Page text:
In some ways, sexual violence on college campuses is a complex topic. It’s fraught with legal considerations, politics, questions about educational resources and responsibilities, and evolving levels of societal awareness and intolerance.
But in the most important way — that it is awful for the victim — it is straightforward.
We are pleased that state Sen. Michael O. Moore, D-Millbury, has crafted legislation designed to prevent campus sexual assaults, and to support students who believe they have been assaulted by providing them a path to information and help.
No one wants this to happen to any young college student.
However, according to a story last week, there were more reported rapes at Central Massachusetts institutions of higher learning in 2016 than the year before. In 2016 the number of reported campus rapes locally was 34; in 2015, 25; and in 2014, 21.
As rape survivor advocates point out, the uptick in reports doesn’t necessarily mean more sexual assault is occurring. The rise could actually be an encouraging sign that victims are coming forward more readily than in the past. Thankfully, it is becoming gradually less true on college campuses, and elsewhere, that the pain and humiliation of sexual assault are made worse by feelings of isolation, shame and confusion.
Still, the numbers of total reported rapes at Central Massachusetts colleges are clearly too high. And studies consistently tell us that instances of non-consensual sexual contact on campus are seriously underreported.
Adding urgency is a recent move, by the U.S. Department of Education under Secretary Betsy DeVos, rescinding Obama administration guidelines on campus sexual assault. The key provision under review by the Trump administration — DeVos said her department will seek public input before making changes final — is the legal standard by which an accused person in a campus setting will be judged.
Rules under Obama called for a “preponderance of the evidence” standard to be used in these disputes — meaning at least half of the evidence needs to point to guilt.
The new interim federal guidance now allows institutions of higher learning to use the tougher standard of “clear and convincing evidence.” This stems at least in part from a reasonable concern for the rights of the accused; some argue those rights have been overly compromised under the Obama administration’s preponderance-of-evidence standard. But DeVos’ announcement is also in line with what seems to be a Trump administration push to undo Obama initiatives wholesale.
In any case the upshot, say many observers, will be a step backward in the drive to make the campus atmosphere safer, as well as more sensitive to sexual assault victims when they do happen.
College campuses, just like society at large, have been on a learning curve on this topic for a long time. Many feel the Obama administration’s policy on campus sexual assaults set the right tone in being more victim-friendly but still fair to the accused. Advocates, experts, parents and others sensed with relief that colleges were at last giving an appropriate level of priority to the unfortunate reality of the potential for sexual crime on campus.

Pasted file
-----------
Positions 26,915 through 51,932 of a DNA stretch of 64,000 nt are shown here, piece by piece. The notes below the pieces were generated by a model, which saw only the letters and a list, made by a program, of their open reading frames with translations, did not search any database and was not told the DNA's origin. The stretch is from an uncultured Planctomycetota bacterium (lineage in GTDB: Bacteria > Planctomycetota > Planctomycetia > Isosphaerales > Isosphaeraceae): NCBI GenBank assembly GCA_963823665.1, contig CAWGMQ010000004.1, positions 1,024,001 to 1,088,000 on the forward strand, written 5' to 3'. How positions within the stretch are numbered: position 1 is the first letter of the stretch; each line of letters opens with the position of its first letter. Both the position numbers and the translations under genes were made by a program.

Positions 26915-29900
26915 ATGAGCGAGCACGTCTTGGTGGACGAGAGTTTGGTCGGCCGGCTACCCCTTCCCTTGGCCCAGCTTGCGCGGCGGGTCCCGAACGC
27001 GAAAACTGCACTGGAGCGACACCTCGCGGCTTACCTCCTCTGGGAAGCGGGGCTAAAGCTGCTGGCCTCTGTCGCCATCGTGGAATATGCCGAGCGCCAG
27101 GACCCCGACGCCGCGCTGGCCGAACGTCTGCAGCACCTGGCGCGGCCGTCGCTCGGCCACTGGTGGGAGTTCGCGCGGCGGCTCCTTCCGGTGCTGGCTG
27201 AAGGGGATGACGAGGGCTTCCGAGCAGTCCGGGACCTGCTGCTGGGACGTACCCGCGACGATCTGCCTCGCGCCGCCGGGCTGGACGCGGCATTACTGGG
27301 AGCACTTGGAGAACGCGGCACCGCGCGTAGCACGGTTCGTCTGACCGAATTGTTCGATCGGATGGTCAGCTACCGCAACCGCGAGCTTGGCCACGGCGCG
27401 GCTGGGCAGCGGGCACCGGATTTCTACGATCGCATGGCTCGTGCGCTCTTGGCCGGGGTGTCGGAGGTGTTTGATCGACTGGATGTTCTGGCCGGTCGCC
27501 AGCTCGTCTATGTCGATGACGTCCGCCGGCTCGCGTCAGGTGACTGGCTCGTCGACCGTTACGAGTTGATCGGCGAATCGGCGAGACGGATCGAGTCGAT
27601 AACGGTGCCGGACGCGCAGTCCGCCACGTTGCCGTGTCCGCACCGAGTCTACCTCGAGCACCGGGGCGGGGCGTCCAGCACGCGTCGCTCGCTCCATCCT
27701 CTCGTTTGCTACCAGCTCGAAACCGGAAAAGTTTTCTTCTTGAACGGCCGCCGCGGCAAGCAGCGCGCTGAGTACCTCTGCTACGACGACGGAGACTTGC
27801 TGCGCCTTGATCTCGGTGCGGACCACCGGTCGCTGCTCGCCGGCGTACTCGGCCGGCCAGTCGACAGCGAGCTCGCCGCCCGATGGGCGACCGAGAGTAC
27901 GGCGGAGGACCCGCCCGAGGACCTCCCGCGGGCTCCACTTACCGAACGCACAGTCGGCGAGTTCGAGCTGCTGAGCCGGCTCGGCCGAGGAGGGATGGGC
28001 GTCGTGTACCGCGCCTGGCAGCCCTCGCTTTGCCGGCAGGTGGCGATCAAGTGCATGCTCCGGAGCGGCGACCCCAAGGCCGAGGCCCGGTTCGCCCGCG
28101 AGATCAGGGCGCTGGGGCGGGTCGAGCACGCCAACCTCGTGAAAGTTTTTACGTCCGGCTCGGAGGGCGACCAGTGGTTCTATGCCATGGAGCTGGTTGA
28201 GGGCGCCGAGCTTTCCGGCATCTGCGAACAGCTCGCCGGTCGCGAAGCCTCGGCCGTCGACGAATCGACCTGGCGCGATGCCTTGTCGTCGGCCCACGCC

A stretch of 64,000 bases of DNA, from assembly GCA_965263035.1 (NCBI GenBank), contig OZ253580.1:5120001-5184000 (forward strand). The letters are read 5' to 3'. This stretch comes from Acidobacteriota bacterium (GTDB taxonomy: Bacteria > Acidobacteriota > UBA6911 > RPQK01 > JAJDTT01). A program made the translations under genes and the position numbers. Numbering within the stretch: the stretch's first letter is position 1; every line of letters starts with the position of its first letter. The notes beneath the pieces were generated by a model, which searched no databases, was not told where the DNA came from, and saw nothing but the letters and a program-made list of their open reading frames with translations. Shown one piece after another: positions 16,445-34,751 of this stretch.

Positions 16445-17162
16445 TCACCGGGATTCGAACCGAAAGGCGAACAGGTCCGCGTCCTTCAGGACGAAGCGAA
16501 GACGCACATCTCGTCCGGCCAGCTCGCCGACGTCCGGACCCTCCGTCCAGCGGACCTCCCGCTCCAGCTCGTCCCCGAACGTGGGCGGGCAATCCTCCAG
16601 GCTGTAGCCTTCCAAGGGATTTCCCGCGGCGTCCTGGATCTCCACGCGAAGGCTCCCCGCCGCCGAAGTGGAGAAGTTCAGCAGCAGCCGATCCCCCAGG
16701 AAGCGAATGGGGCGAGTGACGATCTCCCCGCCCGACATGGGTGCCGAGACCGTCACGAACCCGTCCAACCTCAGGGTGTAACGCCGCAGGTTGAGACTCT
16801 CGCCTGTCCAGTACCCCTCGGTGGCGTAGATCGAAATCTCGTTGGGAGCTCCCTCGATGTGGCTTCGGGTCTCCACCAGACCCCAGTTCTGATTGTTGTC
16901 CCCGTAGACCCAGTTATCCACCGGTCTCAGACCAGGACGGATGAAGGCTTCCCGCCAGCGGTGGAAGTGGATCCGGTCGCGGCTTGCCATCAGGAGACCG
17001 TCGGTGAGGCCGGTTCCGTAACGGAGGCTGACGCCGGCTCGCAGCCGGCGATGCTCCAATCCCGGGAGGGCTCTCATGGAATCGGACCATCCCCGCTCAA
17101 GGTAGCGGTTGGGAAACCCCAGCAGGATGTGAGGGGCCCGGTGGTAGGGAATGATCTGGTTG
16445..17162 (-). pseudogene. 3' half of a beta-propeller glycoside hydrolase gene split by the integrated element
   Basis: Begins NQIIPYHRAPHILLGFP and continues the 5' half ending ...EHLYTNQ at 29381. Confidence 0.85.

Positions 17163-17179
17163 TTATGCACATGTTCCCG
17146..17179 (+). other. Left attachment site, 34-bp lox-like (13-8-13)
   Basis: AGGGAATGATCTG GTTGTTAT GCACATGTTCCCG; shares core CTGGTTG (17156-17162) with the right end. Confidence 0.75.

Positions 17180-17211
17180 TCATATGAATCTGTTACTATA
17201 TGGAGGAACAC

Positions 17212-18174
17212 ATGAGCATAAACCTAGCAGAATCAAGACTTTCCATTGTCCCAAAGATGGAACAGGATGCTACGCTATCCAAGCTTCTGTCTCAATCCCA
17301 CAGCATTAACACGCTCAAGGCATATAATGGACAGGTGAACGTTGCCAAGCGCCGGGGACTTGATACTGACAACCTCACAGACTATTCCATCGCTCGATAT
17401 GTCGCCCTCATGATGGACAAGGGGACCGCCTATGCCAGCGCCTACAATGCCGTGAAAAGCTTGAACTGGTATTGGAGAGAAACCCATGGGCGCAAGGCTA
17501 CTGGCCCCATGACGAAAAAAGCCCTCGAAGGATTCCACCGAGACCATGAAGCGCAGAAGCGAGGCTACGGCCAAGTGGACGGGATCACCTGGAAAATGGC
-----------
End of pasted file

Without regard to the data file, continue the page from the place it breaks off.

Moore’s bill — which has been accepted by unanimous vote in the Senate — affirms the Obama administration’s “preponderance of evidence” standard for deciding sexual assault cases st Massachusetts campuses. It awaits approval by the House.
Moore is co-chairman of the Higher Education Committee on Beacon Hill. His measure also requires students and staff to receive yearly training on sexual violence awareness and prevention, and for colleges to make their sexual abuse policies readily available; many schools already do that.
A major provision is that schools would have a “confidential resource advisor,” someone students could go to for information on medical and counseling services, and for information about what options they have with respect to the perpetrator. Armed with such guidance and support, it would be up to the student whether to make a formal report.
The measure, if it becomes law, will also require colleges to have ties with rape crisis centers and local law enforcement. The bill, however, also adds to the state’s bureaucracy: It would establish a post of “campus safety advisor” within the Department of Higher Education.
With so much attention on sexual assault in recent weeks — fueled by allegations involving Harvey Weinstein, Kevin Spacey, Roy Moore, Louis C.K. and others — along with changes developing at the federal level, the legislation is certainly timely. And we believe it will help college campuses ensure compassion and helpfulness at times of crisis.
Campus sexual assault will always be a tough topic to deal with, on many levels.
In a July interview with State House News Service, Moore discussed the impetus for the bill, which implements the recommendations of a 2016 report from the state Board of Higher Education regarding campus safety and violence prevention.
“I have a 15-year-old daughter and she’s going to be a junior next year in school,” Moore said. “When she starts going and touring colleges and universities she’s going to start looking at some in Massachusetts. I want to know the type of environment she’s going to be going to, where she’s going to be living. I want to know if it’s a safe community.”
The key is to offer help to victims, fairness to the accused — and to put the topic out in the open, with the goal of providing information and dialog and encouraging mutual respect, so that college students are better protected against these kinds of awful attacks in the first place.